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Personalizing ADHD Treatment Improves Outcomes

Updated: Jun 26


child neurofeedback

Clinicians must always modify, in big and small ways, their approaches to evidence-based treatments that suit the strengths and needs of their patients. Children, for example, often require more time and personalized instruction than adults when learning to practice resonance frequency breathing. When treatments match an individual’s needs and preferences, patients are more engaged and likely to follow the plan, leading to better outcomes and a more positive experience (National Research Council, 2011). This personalization is particularly important for youth with ADHD (Hamburg & Collins, 2010), who experience unique challenges in traditional therapeutic settings where time constraints require patients to stay focused, engage intently, and sit still for periods of up to an hour. Nonetheless, given ADHD’s complexity and variability, clinicians should spend time getting to know their patients so they can appropriately modify treatment approaches.



Recognizing ADHD Symptoms


ADHD is characterized by a pattern of inattention with or without hyperactivity-impulsivity that significantly hampers functioning or development. To meet the diagnostic criteria, an individual must exhibit six or more of these symptoms for at least 6 months.


Inattentive Symptoms


  • Fails to give close attention to details or makes careless mistakes

  • Has difficulty sustaining attention in tasks or play activities

  • Does not seem to listen when spoken to directly

  • Does not follow through on instructions and fails to finish schoolwork or chores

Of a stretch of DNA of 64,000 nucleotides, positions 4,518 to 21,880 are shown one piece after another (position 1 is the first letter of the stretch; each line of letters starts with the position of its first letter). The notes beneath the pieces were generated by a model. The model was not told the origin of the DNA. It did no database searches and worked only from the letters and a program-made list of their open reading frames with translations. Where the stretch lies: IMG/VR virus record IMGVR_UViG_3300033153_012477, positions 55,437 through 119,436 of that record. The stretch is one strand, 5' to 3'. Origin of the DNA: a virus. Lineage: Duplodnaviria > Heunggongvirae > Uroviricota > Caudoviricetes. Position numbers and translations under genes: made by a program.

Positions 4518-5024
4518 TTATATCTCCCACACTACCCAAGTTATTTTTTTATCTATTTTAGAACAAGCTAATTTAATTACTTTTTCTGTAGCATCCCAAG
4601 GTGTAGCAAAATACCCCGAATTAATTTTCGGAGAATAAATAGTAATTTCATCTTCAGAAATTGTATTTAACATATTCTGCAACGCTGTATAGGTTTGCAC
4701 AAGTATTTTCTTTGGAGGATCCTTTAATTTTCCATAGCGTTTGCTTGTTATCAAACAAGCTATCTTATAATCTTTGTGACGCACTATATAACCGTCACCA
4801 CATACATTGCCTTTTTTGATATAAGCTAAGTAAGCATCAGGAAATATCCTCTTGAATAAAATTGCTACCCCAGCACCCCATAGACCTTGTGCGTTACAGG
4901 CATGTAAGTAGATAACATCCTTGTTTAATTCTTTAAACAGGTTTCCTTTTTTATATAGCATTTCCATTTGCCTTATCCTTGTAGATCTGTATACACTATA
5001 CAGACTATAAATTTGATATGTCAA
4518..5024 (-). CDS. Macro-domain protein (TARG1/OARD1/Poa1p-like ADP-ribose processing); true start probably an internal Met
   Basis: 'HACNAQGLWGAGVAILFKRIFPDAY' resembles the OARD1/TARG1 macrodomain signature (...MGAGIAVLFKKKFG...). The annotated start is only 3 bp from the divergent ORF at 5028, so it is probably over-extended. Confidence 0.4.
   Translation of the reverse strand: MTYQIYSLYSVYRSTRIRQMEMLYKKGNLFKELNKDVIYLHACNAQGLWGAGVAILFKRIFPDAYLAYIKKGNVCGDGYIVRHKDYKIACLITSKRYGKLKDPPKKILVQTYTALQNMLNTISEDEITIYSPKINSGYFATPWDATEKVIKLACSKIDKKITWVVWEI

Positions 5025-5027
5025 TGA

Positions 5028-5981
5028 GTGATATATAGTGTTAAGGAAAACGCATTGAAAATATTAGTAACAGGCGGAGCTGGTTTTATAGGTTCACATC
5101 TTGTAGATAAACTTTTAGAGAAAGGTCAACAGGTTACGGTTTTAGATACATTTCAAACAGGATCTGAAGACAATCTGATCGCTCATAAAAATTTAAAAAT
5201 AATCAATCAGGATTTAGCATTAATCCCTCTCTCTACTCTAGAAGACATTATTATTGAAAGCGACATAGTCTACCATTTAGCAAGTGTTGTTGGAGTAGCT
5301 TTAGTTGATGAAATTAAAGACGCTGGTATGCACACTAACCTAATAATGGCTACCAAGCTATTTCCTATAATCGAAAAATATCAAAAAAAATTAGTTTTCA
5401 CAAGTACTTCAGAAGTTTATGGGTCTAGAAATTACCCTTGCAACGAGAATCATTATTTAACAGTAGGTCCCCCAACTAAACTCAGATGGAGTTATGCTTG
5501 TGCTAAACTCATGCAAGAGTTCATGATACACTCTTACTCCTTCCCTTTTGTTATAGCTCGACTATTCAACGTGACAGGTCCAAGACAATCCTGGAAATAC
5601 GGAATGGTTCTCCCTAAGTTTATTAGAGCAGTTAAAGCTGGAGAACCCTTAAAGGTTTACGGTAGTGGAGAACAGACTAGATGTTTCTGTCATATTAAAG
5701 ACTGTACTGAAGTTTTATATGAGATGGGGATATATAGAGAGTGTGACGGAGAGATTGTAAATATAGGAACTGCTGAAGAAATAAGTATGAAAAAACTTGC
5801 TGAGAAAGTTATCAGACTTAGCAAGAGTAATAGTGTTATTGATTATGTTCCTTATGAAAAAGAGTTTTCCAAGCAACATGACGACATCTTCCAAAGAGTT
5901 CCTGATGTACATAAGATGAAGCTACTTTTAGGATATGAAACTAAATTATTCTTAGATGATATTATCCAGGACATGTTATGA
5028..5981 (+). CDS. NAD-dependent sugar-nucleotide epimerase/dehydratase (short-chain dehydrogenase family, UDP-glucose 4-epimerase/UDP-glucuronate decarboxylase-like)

• Has difficulty organizing tasks and activities

  • Avoids or is reluctant to engage in tasks requiring sustained mental effort

  • Loses things necessary for tasks or activities

  • Is easily distracted by extraneous stimuli

  • Is forgetful in daily activities


Hyperactive-Impulsive Symptoms


  • Fidgets with or taps hands or feet or squirms in seat

  • Leaves seat in situations when remaining seated is expected

  • Runs about or climbs in situations where it is inappropriate

  • Unable to play or engage in leisure activities quietly

  • Is often "on the go," acting as if "driven by a motor"

  • Talks excessively

  • Blurts out answers before questions have been completed

  • Has difficulty waiting their turn

  • Interrupts or intrudes on others


When discussing ADHD, it's essential to recognize that each combination of symptoms can impact treatment differently. For example, a child with attention difficulties may struggle to stay focused, impacting their ability to listen and retain information. Hyperactive-impulsive behaviors, like fidgeting or interrupting, can also impede effective communication and impact the accuracy of physiological measurement. Moreover, no two people with ADHD are the same due to the numerous possible symptom combinations—there are 249,528 unique ways these symptoms can manifest. This variability means each person has unique challenges and strengths. Clinicians should mindfully adjust their approach, treatment pace, and other crucial elements to effectively address each individual's specific needs.